Gone Country: Bro-country might finally be dying, and Florida Georgia Line are leading the charge

I wrote earlier this week about how Florida Georgia Line’s new single is this week’s worst country song. Allow me to explain.

A List photos of Florida Georgia Line

Florida Georgia Line. 2015 photo by Suzanne Cordeiro for American-Statesman

God, Your Mama and Me” is the second single from the bro-country harbingers of doom’s new album, “Dig Your Roots.” More on that cloying title in a minute, but the reason I don’t like “God, Your Mama and Me” is because it’s not music. It’s a business decision wrapped in tropes that are used to sell records to country radio. And  yeah, I get it. Food has to be put on the table somehow. The music business has always been a business, and that will never change.

But, y’all. This song is bad. It’s not as bad as other songs the group has released (looking at you, “(That’s How We Do It) Round Here“). But make no mistake, the fact that the team of Brian Kelley and Tyler Hubbard, just as much a producer’s creation than any other boy band, actually sing this new song with the Backstreet Boys on the chorus is no accident.

The duo have talked about how they were influenced by the boy band before, which is appropriate, since FGL is country music’s closest equivalent to a boy band this side of Dan + Shay.

The song traffics in cornball country tropes that we’ve all heard before, complete with the synth and faked drums they featured on their last schmaltzy, Backstreet Boys-esque single, “H.O.L.Y.” Plus, it’s on an album titled “Dig Your Roots,” which is clearly a pandering to people who say they’re not country enough.

“God, Your Mama and Me” sounds like a run-through-the-numbers checklist.

Drum claps? Check.

References to God? Check.

References to Mama? Check.

Religious imagery? Check.

Soaring chorus to let you know they really mean it? Check.

Featuring a crossover pop artist appearance, as is quickly becoming new tradition? Check. It even sounds like a Backstreet Boys song.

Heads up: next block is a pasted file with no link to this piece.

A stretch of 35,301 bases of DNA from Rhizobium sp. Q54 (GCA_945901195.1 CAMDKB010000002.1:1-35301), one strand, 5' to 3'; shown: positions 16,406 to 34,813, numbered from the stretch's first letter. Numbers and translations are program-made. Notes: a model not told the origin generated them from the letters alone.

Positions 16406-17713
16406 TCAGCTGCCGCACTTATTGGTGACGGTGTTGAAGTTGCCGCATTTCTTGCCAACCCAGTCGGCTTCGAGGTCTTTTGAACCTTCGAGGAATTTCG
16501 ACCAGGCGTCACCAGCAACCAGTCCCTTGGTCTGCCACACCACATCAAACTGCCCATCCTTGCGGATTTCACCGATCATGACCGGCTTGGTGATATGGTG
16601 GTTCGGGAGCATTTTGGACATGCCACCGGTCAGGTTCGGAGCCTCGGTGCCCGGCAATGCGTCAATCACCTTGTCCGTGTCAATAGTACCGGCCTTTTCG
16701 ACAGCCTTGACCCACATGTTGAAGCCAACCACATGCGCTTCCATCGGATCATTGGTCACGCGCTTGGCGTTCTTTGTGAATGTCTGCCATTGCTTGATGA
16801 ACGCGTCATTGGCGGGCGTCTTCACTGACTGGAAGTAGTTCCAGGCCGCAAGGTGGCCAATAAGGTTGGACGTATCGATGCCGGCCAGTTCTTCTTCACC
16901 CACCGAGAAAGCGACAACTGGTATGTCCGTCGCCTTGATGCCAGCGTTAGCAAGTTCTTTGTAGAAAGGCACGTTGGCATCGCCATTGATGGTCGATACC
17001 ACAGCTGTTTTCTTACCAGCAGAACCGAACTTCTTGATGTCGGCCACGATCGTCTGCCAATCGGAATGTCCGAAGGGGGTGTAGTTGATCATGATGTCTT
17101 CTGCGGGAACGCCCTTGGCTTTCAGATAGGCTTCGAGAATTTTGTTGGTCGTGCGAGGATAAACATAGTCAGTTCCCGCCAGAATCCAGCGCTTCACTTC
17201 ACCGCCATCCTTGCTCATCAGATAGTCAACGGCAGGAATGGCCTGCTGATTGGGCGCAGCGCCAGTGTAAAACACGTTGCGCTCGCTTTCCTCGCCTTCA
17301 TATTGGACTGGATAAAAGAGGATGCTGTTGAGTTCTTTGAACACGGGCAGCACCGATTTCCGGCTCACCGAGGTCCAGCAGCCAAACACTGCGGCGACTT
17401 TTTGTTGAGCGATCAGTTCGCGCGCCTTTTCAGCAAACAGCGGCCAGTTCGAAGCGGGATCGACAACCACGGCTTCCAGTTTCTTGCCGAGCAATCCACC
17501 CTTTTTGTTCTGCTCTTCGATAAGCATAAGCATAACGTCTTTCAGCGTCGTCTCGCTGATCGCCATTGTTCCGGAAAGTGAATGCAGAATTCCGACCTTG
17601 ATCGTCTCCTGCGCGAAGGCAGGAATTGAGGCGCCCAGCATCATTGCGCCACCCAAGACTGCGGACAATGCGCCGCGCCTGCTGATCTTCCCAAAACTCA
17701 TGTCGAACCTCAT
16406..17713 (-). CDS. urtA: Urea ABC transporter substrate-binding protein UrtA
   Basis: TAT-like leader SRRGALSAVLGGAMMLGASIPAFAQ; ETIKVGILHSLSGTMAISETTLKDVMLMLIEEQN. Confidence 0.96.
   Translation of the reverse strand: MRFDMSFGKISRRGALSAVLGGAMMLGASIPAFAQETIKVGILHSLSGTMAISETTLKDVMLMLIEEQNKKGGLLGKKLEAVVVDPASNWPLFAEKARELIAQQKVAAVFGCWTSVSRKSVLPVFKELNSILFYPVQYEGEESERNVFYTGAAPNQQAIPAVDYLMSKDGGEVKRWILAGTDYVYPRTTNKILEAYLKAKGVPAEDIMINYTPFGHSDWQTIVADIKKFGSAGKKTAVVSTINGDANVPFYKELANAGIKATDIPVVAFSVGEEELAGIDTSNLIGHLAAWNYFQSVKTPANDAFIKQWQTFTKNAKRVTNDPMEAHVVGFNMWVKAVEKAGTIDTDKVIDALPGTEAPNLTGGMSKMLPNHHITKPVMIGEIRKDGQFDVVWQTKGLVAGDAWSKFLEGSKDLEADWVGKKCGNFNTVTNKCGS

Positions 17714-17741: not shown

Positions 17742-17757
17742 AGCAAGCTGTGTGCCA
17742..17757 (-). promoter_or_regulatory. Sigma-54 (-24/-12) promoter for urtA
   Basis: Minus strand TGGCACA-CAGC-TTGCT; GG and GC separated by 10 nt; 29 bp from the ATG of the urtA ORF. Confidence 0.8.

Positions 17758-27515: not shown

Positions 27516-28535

But as much as I hate this type of music-by-committee, it is signaling a new era for FGL, one where they’re trying to be taken more seriously as artists.

Laugh all you want at these bros, but they are responsible for America’s best-selling digital country song of all time. They weren’t the first to get famous off of the “girl slide over here in them painted on jeans” shtick, but they perfected it, and it’s been imitated ad nauseum lately. If they try to become more serious, perhaps their peers will as well.

Bro-country might finally be on its way out, however slowly it may be crawling to the exits. I think it’s a telling contrast that “Dig Your Roots” came out today, the same day as Jack Ingram’s “Midnight Motel,” about as mature an album I’ve heard all year.

I haven’t heard all of “Dig Your Roots”; and frankly, I don’t care to. I’m sure there’s some more partying songs on there, too, but hopefully it’s a more introspective affair. Maybe now that FGL has had some success on the party circuit, they can start to make music that actually matters.

The fact that the first two singles are courting more “mature” listeners is telling. But then again, maybe that’s just another gimmick too.

Gone Country aims to thoughtfully explore the country music genre and where it’s headed, with a focus on national trends and buzzworthy news of the week. For info about album releases and concerts, check out this week’s Country Music Roundup.

Questions, comments, suggestions? Let me know on Twitter @jakeharris4 or through email at jharris@statesman.com.


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